Over the course of several studies, the researchers uncovered the following patterns:

“Conscientious individuals are clean and tidy, work hard, follow the rules of society and social decorum, think before acting, and are organized. For example, conscientious people tend to write down important dates, comb their hair, polish their shoes, stand up straight, and scrub floors. People who are less conscientious exceed their credit limit, watch more television, cancel plans, curse, oversleep, and break promises” (6).

The researchers also made an important point: when we think of a person as having high conscientiousness, we don’t just mean that they brush their teeth everyday.  Although it is likely that they do brush daily, we operate under the assumption that this behavior is the expression of a trait – something we can think of as “a true characteristic of this person” – and that this trait also predicts other behaviors associated with conscientiousness.

In other words, conscientiousness doesn’t work like this:


It works like this:


Can I develop conscientiousness?

Does this mean that it is pointless to try to develop conscientiousness? Absolutely not.  In hierarchical models of personality, traits exist as neurobiological structures that govern thoughts, feelings, and behaviors.  (That means that a trait like Extraversion actually exists somewhere in the brain, as opposed to say, the “soul”, or “spirit”, or whatever.)  Neuroscience research over the past decades has shown time and time again that the human brain is incredibly plastic, and organic living system that is able to change itself in response to the complexity of its environment. It stands to reason that if higher order traits are neurobiological structures in the brain, these traits can be changed through deliberate practice.  This means that conscientiousness can be developed through deliberate practice, commitment, and discipline.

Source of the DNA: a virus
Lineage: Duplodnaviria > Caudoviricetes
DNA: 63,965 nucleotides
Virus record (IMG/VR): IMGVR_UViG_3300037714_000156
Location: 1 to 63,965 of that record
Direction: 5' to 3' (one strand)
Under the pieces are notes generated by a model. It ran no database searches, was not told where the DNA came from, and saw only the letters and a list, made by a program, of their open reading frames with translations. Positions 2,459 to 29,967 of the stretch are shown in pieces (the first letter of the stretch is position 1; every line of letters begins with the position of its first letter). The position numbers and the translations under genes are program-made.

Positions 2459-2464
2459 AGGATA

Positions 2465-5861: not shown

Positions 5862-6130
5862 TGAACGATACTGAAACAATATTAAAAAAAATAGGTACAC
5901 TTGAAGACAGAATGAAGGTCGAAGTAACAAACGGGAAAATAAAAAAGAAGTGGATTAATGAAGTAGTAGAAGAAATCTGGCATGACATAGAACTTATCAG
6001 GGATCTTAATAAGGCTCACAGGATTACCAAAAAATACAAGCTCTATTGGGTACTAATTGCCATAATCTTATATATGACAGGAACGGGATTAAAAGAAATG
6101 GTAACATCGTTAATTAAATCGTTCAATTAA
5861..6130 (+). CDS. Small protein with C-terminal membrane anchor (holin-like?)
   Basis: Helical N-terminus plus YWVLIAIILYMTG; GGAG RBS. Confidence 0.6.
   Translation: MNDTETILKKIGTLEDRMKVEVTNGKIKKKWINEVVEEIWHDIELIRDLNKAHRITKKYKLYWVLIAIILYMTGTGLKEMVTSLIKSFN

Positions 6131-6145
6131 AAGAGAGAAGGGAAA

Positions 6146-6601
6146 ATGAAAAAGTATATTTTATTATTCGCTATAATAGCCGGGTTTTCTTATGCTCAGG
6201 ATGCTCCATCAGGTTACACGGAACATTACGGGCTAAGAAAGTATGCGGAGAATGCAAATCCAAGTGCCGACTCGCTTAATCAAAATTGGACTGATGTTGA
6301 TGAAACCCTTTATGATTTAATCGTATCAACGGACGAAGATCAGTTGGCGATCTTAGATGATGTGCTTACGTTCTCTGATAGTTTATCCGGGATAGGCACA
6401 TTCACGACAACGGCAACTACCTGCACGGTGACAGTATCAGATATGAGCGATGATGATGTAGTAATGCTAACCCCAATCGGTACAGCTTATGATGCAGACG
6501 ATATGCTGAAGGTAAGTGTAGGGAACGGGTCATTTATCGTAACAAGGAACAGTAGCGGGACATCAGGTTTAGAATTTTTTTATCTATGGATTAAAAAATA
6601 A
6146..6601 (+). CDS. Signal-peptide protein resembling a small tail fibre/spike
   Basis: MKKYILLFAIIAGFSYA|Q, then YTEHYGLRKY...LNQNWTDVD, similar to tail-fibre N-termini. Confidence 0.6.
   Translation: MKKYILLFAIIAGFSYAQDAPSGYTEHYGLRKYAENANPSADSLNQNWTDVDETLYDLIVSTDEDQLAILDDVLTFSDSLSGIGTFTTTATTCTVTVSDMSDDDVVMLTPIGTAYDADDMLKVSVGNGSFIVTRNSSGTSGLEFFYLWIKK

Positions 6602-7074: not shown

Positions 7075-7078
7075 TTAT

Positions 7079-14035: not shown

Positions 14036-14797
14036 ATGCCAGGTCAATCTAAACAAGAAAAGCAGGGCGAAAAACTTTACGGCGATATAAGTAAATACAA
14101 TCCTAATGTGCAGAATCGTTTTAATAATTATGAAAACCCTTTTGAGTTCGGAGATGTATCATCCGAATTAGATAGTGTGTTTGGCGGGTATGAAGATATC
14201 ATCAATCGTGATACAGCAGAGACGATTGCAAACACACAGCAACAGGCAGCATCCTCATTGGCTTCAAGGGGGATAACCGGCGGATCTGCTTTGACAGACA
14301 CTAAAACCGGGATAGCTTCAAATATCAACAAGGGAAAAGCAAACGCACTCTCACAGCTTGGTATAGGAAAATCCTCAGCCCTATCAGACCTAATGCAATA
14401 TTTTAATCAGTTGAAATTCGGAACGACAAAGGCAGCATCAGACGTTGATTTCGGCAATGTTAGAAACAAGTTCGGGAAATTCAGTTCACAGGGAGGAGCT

Come up with a plan to focus on a few behaviors that you want to deliberately practice and put effort into.  Block out a time every day that you write down important dates on a calendar.  Or practice an instrument for 15-20 minutes a day with a timer.  Make a to-do list before sitting down to work for the day.  Find a fitness challenge, and record a your daily achievements and efforts in a notebook.  Whatever you choose to do, make sure it is something that is personally relevant and matters to you.


(1) Trautwein, U., Ludtke, Oliver, Roberts. B., W., Schnyder, I., Niggli, A. (2009). Different Forces, Same Consequence: Conscientiousness and Competence Beliefs Are Independent Predictors of Academic Effort and Achievement. Journal of Personality and Social Psychology.

(2) Ivcevic, Zorana, Brackett, M. (2014) Predicting school success: Comparing Conscientiousness, Grit, and Emotion Regulation Ability. Journal of Research in Personality.

(3) Horn, J., Nelson, C., E., Brannick, M.,T. (2004). Integrity, Conscientiousness, and Honesty. Psychological Reports.

(4) Kalshoven, K., Hartog, D., N., D., De Hoogh, A., H., B., D. (2011). Ethical leader behavior and Big Five Factors of personality. Journal of Business Ethics.

(5) Roberts, B., W., Krueger, R., F., Lejuez, C., Richards, J., M. (2012). What is conscientiousness and how can it be assessed?

(6) Jackson, J., J., Wood, D., Bogg, T., Walton, K., E., Harms, P., D., Roberts, B., W. (2010). What do conscientious people do? Development and validation of the Behavioral Indicators of Conscientiousness (BIC). Journal of Research Perspectives.